Summary Of Maus By Artie Spiegelman

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The story of MAUS is one about the Jewish struggles and loss of identities during the Holocaust. During the Second World War, Jews were stripped of their homes, businesses and identities, leaving them with nothing but their moral values. What happened to follow was equally as terrifying, for they lost everything during these years, and once it was over they all had to start from the ground up. Artie Spiegelman is the author of MAUS, and the son of Vladek Spiegelman, a Holocaust survivor. Artie depicts very real accounts told to him by his father, many audiences were shocked at “…Spiegelman 's goal of rendering his father 's story exactly, warts and all, to make it more truthful, more recognizably human…” Reilly wrote in a 1986 review of the novel. For Artie, growing up with his father was very difficult at times as Artie always felt unknowledgeable …show more content…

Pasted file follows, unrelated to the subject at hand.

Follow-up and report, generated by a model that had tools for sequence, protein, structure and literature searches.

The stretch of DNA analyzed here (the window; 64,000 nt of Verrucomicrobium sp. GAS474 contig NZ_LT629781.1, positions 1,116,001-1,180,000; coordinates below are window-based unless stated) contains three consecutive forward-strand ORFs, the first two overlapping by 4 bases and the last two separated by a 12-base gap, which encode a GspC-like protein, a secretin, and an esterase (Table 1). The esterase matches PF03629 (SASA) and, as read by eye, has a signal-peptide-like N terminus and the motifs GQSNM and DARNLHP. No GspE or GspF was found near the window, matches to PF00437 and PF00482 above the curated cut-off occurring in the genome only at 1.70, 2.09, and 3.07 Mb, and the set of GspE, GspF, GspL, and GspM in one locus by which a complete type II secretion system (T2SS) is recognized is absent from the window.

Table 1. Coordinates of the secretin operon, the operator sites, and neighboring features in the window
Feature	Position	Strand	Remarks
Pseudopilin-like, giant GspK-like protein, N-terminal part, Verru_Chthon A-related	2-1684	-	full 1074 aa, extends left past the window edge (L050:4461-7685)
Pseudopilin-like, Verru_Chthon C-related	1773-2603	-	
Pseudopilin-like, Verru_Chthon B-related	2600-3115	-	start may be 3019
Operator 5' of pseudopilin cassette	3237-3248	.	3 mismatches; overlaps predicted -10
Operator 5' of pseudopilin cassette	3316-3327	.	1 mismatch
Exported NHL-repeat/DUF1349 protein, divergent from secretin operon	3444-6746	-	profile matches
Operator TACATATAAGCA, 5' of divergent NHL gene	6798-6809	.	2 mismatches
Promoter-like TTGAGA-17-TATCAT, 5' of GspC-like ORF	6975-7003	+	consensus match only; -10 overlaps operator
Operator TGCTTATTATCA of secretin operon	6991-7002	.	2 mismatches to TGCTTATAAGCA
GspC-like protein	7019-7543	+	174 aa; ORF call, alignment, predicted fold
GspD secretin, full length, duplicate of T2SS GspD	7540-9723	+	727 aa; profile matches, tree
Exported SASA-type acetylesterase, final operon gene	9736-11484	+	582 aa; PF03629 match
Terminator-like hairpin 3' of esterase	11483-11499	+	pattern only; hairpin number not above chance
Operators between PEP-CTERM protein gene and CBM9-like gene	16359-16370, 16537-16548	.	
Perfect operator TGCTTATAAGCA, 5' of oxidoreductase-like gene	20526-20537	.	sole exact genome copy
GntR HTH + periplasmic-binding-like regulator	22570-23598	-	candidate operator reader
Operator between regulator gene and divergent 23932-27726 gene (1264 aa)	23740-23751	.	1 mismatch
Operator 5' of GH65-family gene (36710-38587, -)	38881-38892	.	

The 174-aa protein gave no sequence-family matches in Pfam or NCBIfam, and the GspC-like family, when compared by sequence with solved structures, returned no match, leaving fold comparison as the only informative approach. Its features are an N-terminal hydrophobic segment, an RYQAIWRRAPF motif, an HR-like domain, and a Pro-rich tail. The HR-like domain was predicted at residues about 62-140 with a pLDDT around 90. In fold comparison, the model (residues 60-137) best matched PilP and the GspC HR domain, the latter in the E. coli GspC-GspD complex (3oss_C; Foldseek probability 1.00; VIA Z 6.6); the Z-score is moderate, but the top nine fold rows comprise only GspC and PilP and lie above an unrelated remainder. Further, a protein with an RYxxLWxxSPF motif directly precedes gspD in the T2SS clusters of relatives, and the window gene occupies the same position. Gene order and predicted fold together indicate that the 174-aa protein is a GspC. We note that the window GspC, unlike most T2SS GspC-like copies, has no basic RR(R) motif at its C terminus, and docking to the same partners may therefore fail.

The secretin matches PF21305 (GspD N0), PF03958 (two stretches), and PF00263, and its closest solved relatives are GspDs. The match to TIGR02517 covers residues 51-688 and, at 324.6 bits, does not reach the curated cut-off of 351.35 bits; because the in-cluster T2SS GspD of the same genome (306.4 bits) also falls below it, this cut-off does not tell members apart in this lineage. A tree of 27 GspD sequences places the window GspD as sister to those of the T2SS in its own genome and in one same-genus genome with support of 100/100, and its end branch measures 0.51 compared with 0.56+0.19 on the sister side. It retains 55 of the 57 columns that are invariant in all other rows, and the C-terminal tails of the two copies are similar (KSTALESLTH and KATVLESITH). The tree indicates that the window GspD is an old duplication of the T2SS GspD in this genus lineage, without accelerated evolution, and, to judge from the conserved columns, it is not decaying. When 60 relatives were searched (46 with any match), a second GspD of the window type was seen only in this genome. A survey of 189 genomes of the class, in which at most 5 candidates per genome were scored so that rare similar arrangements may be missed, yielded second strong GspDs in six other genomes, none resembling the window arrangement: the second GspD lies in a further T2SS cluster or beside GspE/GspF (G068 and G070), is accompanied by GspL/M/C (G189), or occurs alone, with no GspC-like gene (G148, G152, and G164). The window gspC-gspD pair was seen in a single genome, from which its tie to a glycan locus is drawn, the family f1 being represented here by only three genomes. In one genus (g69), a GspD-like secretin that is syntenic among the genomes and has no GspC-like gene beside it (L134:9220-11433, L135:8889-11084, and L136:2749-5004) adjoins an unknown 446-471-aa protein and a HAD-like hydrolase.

It took him many years because of how difficult it was for him to fully come to proper terms with what happened to his parents. Writing the comic serial was Artie’s way of over coming his insecurities concerning being a Jew who did not experience life through the Holocaust. Through Artie’s clear uses of animation, self-narrative and tied to his survivors are all factors to the difficult problems he had to overcome while writing this graphic novel. Artie had a difficult life regardless of not having been around for the Holocaust. This was a constant issue that Vladek seemed to have with him. It took Artie many years to realize that this guilt that his father had put him through while growing up was not due to him not having been around for the Holocaust, but more so that his father was guilty that he, unlike so many, did survive. As he completes the graphic novel, the reader hopes that Artie is able to find some peace in knowing that his father’s story was told, and in a manner that brings a stop to his insecurities of being less of a

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